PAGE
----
I really couldn’t be happier with the results I got. Of course, the real test will come in knitting up a swatch and blocking it to see how the yarn behaves in the wild. :-)

The two beautiful Ashford bobbins at the top of the first picture are filled with singles spun from a Loop Bullseye Bump in the Sizzle color way. I spun the roving end to end onto two bobbins. After the TdF, I plied the singles together and the finished yarn is on the drying rack as I type. But since the plying wasn’t part of my TdF, no pictures of the finished yarn will appear in this post.

The remaining yarn is all my silk spinning. The beautiful skein of golden yarn is spun from Tussah silk sliver made into a 2-ply yarn. The small skein is a 2-ply made from Bombyx silk hankies, and the larger hank is 2-ply made from Bombyx silk caps. I enjoyed spinning the hankies; the caps, not so much. But both yarns are really nice.

The brown bobbin at the top of the first picture holds the singles I spun from some Bombyx silk sliver.

Sixteen grams of Bombyx silk sliver ready to be spun

The Tussah silk sliver was heavenly to spin, but the Bombyx silk sliver was beyond heavenly.

I haven’t decided what to the with the Bombyx singles yet.

Bombyx silk sliver singles on the bobbin

I am leaning toward plying them with a singles spun from wool of some sort sometime in the future, or maybe with some Thistledown. I still have a lot of it. A. Lot. :-)

I hope you enjoyed the Tour de Fleece as much as I did.

The Syncopated Alpaca Socks

It’s another Finished Object Friday, and although the Tour de Fleece is in full swing, the FO I am sharing with you today is not a spinning or plying project. It’s a pair of socks.

I call these socks The Syncopated Alpaca Socks because they are my take on Mary Henninger’s Syncopation Socks and are knitted in a scrumptious alpaca yarn from Berroco, Ultra Alpaca Fine. There was no color number or name on the label, so I have no idea what the color is called. I only know that my pictures don’t do it justice.

The Syncopated Alpaca Socks in all their glory!

The original Syncopation Socks are knitted toe-up with a gusset heel. I knitted mine cuff-down with a short row heel and finished them off with a round toe.

For the heel, I gave the Fish Lips Kiss Heel a try. I didn’t do all the measuring, nor did I make the cardboard cut-out because it simply didn’t seem necessary. Since I was knitting the socks cuff down, I simply started the heel when the leg of the sock was the length I wanted it to be. The FLKH is knitted with an inch of plain knitting on the heel stitches of the sock while maintaining the patterning on the instep stitches before beginning the short rows. This is a matter of aesthetics and is something I have done in the past when knitting my usual short-row heels.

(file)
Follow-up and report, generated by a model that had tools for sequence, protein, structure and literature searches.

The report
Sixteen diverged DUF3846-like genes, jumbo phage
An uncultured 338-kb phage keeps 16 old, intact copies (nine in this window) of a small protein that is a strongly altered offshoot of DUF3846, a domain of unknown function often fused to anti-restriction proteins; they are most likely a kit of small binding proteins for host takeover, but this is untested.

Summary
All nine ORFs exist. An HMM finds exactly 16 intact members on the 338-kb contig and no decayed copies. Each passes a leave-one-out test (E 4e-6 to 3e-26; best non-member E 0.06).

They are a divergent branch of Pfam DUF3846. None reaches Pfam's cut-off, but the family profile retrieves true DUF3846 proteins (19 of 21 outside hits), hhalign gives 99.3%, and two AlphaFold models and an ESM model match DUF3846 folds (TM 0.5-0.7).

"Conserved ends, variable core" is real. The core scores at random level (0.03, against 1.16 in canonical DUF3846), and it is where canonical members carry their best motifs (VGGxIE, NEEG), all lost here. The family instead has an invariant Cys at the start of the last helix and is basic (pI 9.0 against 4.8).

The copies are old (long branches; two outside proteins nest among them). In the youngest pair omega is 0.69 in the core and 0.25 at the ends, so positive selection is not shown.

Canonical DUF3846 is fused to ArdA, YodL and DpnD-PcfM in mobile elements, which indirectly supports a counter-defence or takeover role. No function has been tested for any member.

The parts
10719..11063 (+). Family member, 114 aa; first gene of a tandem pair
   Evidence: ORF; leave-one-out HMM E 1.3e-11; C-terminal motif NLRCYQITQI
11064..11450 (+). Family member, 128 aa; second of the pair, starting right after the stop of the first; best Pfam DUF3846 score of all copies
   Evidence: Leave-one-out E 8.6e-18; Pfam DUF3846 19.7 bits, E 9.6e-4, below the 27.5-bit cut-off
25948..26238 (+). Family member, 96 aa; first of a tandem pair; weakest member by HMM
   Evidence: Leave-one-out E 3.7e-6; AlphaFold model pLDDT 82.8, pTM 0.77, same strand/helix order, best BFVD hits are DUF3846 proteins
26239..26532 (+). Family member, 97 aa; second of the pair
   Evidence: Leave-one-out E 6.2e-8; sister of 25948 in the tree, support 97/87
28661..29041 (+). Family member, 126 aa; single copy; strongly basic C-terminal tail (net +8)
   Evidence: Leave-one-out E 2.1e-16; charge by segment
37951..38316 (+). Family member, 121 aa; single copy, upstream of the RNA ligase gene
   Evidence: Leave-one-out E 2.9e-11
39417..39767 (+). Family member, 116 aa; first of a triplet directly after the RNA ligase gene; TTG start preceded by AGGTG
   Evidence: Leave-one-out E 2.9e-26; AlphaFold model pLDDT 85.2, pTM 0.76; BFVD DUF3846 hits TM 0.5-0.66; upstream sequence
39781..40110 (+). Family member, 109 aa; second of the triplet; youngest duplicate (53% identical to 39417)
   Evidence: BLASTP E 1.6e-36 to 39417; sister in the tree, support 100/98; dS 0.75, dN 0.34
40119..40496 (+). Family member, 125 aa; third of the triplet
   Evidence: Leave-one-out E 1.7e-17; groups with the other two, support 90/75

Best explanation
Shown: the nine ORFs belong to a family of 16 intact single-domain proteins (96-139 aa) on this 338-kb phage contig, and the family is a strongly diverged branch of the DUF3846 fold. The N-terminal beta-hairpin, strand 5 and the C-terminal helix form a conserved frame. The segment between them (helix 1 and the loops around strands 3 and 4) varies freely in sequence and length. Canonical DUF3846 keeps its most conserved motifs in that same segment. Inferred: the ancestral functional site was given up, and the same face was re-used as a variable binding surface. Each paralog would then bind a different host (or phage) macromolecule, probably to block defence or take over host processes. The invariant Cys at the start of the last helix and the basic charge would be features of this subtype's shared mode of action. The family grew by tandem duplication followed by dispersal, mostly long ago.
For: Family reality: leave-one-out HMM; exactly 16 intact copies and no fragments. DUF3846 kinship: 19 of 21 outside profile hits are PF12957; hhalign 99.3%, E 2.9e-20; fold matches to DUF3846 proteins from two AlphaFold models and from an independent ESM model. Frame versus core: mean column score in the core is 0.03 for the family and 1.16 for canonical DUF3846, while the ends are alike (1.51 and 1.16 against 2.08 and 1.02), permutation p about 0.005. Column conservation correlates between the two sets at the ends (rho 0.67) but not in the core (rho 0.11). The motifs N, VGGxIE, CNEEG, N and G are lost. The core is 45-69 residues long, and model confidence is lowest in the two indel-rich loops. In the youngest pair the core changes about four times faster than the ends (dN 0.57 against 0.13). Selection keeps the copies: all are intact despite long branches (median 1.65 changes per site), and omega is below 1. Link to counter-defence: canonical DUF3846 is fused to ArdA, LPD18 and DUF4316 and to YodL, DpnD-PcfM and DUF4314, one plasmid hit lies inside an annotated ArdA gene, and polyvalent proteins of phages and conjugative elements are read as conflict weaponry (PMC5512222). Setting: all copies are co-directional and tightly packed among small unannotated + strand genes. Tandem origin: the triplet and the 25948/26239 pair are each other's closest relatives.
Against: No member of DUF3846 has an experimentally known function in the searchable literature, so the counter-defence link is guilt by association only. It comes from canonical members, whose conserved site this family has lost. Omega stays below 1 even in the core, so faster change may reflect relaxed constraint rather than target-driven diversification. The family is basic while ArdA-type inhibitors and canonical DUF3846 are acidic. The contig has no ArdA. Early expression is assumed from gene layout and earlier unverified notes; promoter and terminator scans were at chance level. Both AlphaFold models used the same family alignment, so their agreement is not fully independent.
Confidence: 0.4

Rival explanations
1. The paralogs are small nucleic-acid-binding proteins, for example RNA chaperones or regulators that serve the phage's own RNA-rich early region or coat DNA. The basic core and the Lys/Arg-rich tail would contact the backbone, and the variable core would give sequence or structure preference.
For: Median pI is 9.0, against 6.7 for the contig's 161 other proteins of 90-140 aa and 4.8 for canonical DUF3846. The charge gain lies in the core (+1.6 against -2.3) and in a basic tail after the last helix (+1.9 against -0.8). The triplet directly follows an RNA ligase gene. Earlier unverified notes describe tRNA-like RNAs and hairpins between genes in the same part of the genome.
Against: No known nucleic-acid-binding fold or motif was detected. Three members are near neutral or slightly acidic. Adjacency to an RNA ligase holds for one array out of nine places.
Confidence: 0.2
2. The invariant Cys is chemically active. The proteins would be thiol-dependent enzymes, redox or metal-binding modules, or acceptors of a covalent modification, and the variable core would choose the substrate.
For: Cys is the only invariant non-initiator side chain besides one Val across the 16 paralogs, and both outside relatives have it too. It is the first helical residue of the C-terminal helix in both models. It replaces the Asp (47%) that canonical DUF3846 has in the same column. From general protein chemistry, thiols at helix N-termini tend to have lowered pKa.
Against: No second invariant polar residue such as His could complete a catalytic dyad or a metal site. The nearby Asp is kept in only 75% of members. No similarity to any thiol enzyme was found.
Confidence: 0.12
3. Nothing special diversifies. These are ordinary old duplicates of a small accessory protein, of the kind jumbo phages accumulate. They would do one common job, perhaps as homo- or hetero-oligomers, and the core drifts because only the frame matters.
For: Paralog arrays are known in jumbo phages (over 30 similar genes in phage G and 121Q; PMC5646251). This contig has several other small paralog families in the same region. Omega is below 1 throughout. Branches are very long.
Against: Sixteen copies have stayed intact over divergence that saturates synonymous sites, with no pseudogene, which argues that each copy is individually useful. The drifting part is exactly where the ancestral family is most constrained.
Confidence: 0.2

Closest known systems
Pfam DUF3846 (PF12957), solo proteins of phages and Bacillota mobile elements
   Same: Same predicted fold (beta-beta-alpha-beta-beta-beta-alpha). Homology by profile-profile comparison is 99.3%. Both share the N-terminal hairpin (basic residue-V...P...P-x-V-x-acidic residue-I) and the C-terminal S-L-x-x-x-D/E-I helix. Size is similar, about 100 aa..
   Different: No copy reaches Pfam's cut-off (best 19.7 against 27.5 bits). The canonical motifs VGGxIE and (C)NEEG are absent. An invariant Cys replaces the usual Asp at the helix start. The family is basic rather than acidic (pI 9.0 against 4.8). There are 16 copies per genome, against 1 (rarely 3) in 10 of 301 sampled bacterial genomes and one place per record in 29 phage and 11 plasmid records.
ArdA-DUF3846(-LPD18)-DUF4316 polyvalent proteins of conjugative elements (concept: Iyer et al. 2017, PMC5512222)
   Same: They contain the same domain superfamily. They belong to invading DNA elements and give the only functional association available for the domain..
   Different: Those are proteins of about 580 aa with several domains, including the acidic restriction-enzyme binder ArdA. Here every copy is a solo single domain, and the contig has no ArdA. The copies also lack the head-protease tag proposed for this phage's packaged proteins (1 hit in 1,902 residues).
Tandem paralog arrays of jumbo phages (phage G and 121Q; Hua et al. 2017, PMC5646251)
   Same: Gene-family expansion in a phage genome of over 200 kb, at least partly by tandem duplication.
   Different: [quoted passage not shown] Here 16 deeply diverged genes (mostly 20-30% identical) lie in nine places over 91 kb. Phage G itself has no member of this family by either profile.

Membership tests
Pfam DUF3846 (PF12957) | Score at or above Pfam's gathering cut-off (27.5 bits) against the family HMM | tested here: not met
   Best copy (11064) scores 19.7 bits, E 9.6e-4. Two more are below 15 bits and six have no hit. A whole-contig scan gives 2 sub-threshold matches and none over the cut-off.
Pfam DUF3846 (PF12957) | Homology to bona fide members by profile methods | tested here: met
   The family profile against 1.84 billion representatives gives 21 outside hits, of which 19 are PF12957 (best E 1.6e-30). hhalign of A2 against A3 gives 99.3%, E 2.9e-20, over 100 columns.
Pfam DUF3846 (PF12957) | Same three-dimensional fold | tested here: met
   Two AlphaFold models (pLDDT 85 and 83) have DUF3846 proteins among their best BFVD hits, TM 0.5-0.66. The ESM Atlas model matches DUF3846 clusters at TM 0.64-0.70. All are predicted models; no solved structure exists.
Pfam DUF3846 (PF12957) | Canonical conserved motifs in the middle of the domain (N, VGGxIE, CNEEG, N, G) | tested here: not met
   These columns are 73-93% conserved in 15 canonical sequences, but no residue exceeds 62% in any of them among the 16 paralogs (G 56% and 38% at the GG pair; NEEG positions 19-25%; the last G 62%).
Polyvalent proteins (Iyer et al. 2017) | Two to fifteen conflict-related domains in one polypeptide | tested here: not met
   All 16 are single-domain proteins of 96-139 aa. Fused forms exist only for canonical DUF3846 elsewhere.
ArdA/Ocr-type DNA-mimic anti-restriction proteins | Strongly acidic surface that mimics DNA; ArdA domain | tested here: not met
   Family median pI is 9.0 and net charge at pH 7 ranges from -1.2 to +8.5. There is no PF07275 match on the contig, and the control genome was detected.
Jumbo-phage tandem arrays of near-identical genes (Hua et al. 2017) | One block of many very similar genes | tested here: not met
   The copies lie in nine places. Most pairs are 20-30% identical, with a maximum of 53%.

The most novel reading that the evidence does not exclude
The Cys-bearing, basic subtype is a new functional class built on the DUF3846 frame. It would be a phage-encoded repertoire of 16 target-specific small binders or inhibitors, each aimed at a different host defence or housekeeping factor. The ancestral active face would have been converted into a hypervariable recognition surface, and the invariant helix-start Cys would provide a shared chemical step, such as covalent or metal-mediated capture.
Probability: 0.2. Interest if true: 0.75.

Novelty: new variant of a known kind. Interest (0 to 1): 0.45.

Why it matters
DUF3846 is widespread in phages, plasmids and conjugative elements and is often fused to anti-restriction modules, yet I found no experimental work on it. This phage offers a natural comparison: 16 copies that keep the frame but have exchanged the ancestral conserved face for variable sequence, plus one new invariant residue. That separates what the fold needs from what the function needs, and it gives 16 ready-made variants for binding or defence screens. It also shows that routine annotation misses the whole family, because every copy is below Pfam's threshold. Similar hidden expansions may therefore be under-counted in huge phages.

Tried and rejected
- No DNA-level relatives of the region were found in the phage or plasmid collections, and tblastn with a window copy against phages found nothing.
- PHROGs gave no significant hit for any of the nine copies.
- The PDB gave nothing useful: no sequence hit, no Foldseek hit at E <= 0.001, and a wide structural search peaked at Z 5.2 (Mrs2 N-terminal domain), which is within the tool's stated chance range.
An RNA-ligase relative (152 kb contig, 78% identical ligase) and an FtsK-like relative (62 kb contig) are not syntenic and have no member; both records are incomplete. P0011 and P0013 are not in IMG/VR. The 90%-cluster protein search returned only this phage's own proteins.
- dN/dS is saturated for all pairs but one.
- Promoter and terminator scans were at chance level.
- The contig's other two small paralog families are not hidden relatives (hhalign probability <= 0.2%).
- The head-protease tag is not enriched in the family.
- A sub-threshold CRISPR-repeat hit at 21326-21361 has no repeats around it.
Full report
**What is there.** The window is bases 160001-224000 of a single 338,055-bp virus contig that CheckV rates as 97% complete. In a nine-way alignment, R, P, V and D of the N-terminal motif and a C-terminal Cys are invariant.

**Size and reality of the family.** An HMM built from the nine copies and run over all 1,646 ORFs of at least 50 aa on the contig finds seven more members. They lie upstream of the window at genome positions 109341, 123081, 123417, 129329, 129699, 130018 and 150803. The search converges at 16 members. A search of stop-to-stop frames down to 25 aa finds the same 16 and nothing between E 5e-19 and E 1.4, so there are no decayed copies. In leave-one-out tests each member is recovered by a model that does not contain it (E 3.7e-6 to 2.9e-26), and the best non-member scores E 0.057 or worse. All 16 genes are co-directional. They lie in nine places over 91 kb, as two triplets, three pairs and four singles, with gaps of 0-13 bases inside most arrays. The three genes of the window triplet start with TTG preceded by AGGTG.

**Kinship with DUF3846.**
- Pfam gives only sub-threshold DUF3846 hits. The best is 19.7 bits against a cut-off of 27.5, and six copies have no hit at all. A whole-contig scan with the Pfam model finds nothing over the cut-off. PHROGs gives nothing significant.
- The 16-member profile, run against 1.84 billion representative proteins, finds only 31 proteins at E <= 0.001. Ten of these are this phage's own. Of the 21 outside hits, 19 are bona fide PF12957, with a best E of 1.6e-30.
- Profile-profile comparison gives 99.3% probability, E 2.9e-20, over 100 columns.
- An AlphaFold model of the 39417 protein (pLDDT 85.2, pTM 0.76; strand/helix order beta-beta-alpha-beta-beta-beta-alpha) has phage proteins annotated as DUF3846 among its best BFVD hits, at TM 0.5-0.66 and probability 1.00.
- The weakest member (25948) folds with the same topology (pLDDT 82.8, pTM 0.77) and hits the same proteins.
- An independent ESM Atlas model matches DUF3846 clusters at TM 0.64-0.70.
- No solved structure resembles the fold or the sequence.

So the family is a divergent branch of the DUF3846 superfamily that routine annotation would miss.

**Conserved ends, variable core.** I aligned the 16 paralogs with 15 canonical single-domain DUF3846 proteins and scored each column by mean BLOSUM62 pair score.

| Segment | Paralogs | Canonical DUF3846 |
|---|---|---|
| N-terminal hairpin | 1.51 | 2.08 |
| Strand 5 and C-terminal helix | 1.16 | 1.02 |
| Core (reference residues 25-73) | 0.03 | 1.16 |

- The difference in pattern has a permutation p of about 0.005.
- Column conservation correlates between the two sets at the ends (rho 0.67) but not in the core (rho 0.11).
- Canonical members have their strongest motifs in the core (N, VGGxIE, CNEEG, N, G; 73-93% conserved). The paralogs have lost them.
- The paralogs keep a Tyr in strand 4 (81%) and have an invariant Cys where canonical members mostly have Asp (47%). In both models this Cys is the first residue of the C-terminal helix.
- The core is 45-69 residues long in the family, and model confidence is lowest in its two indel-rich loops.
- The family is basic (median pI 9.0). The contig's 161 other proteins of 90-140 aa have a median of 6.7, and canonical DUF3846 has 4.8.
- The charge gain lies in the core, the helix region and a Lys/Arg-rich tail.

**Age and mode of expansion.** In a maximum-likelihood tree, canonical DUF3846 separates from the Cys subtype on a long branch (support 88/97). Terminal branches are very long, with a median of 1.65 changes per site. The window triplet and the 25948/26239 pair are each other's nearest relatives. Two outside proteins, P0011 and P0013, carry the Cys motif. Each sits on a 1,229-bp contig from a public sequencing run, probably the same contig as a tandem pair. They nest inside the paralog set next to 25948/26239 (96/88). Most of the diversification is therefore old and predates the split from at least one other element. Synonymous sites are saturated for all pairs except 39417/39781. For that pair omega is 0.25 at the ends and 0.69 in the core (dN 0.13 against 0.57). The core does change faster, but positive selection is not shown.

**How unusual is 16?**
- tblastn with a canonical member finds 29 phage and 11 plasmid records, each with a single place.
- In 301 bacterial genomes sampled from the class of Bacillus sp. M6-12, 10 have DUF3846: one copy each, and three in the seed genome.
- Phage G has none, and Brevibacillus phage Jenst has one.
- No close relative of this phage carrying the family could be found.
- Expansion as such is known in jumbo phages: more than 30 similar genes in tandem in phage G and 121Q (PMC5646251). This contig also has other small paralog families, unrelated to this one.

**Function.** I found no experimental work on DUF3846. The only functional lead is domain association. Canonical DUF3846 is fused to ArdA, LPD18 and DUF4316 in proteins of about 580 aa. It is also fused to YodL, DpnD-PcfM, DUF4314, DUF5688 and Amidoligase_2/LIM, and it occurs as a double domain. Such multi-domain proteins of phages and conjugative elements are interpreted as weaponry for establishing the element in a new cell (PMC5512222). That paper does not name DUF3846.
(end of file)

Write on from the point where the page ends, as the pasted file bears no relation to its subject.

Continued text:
The FLKH uses a method for making short rows that doesn’t involve wrapping stitches. Instead, you manipulate stitches from the row below the working stitch, which gives you a pair of stitches that are eventually knitted or purled together. These are called “twin stitches,” and this method of making short rows is sometimes called shadow wrap or shadow twin short rows. When all the decrease and increase rows have been worked, you end up with a very nicely-shaped and well-fitting heel. Sadly, the line of short row stitches isn’t very attractive.

My Fish Lips Kiss Heel close up.

This heel design really does fit better than any other short-row heel I have tried. I normally knit short-row heels on 60% of the stitches on my needles in order to accommodate my high instep. However, I worked this heel on just 50% of the stitches, and it fits me better than any heel I have ever tried. I think the secret is that the way the short rows are worked, you end up with an extra round between the decrease rows and the increase rows. This creates a more rounded heel pocket and hence a better fit.

Although I really don’t like the appearance of the short rows themselves, the fantastic fit more than makes up for the ugly. This is definitely my new go-to short row heel. I’ll take fit over beauty anytime when it comes to my feet. :-)